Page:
there is no relationship between a LEED rating and a “building code”. In theory, codes are enacted to ensure safety of the building occupants. LEED is enacted (and the USGBC stated early on that the development of LEED was to build new markets in a slowing construction climate) to …perhaps save energy. the problem is that when cities and states adopt a building code, they take on the interpretation and enforcement of that code, and in theory train their code authorities to make decisions based on the code language. And, in many locales, the model code has been adopted and modified to fit local climate and economic issues.
    LEED is not localized, and its well known that many of its recommendations are not suitable for all climate and exposure conditions (light-activated sensors burn out continually in the northwest due to changing cloud cover, for example). Local energy codes are modified to meet local climate conditions; LEED remains the same.
    If you have a code issue, it is typically possible to appeal to your local building authority for a review. If you have an issue with LEED, its nearly impossible to get another decision from the USGBC — their reviewers are not local, they are located in one spot.
    And, for another example: the code requires fire resistive construction: there are mulitple testing agencies that have rated (and code accepted) assemblies: UL, FM, Warnock Hersey, and Interteck. If a city requires LEED, that does not mean that they will accept Green Globes, or any other alternative assessment device.
    I think that if a municipality decides to require LEED, then it is their responsibility to adopt LEED to the location, and train their code officials to interpret and enforce it. By passing the enforcement on to a third party, (and a third party that is not accountable to anyone, and cannot be voted out of office, or fired) the municipality is being short-sighted, and opening themselves up to litigation.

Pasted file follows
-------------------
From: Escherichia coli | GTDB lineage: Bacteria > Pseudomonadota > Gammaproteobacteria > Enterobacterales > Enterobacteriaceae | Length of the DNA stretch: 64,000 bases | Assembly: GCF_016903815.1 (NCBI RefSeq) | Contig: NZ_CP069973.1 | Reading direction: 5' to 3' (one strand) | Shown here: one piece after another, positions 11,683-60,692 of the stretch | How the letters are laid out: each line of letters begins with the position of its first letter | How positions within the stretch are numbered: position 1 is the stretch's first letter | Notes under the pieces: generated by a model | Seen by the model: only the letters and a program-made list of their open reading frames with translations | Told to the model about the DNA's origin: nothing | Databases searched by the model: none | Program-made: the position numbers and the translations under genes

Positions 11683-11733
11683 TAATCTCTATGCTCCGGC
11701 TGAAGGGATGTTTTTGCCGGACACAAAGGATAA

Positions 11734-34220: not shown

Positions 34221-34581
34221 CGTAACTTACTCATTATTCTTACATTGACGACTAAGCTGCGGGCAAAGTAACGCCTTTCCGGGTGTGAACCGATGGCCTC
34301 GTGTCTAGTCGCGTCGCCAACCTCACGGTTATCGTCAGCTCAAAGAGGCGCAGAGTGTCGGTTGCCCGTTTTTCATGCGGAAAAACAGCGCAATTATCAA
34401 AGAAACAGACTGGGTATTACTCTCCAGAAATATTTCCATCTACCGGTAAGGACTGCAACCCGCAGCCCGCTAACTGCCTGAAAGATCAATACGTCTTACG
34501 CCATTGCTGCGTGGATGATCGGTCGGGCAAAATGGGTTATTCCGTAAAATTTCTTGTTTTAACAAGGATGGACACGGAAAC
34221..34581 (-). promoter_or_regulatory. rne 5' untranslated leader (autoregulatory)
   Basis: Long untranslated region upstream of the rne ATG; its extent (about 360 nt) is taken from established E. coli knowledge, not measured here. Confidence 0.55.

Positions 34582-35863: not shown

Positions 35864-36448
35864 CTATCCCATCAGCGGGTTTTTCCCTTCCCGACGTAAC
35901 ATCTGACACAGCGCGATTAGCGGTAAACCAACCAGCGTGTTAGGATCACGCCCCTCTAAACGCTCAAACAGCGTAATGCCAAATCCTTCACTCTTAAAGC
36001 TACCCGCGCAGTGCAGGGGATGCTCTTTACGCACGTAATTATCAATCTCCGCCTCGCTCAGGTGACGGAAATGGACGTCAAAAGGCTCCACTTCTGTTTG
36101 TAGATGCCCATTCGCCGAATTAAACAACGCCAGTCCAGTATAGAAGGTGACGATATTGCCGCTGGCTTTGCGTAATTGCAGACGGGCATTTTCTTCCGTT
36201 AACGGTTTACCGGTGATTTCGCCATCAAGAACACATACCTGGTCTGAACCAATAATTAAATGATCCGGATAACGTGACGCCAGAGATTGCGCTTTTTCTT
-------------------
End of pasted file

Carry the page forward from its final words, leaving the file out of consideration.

12. Mitchell Sunday, September 21, 2008 at 3:22 am #

    Anne W, very interesting comments. I would like to speak with you further about them.

    Mitchell S.

  13. Anne W Tuesday, September 23, 2008 at 1:05 pm #

    Mitchell: you can contact me though my linked-in page; go to http://www.linkedin.com and access my name.
    Anne Whitacre

  14. steve jenings Tuesday, December 2, 2008 at 3:33 am #

    Great news this may add some teeth to the LEEDS accreditation.

  15. John Trevino Saturday, December 6, 2008 at 9:02 pm #

    Stephen, excellent reporting, Currently doing research on legal issues associated with green buildings for my legal opinion paper in my Environmental Law class. This article helps alot, I will have to use it and include you in my bibliography. By the way if you are ever in the St.Louis area, you need to check out the LEED Platinum Alberichi Building, Talk about Sustainable! Thanks John Trevino

  16. Mark R Wednesday, December 31, 2008 at 9:28 am #

    Stephen,

    I think this is a great summary of the first LEED related lawsuit. I am an insurance professional and am committed to educating my clients about the various risks related to both green building (liability issues for contractors) and re-building (property insurance for owners). I represent all of the major carriers that have either addressed or incorporated green risks within their coverage forms (Fireman’s Fund, AIG, Travelers & Liberty Mutual). At present, I am in the process of establishing a curriculum for a presentation to address the major risks of green building for design professionals, developers and contractors. I would be honored to speak with you further on the details of not only this case, but the legal environments reactions to green risks.

    Thanks!

    Mark Rabkin
    merabkin@althans.com
    Cleveland, OH

  17. Chris Hill Wednesday, December 31, 2008 at 9:53 am #

    Stephen,

    Thanks for the analysis. It will be quite interesting to see what, if anything arises regarding standard of care/building code issues when these requirements are incorporated into local building codes.

    Keep up the good work,

    Chris

  18. Pasadena Roofing Wednesday, November 16, 2011 at 1:20 pm #

    You will see this trend coming and prepare for it through and early consultation with a knowledgeable attorney. Your contracts, actions, and insurance will all need to be reviewed in order to assure that you are properly prepared for the next wave of innovation. I will be back soon with more updates. Thanks.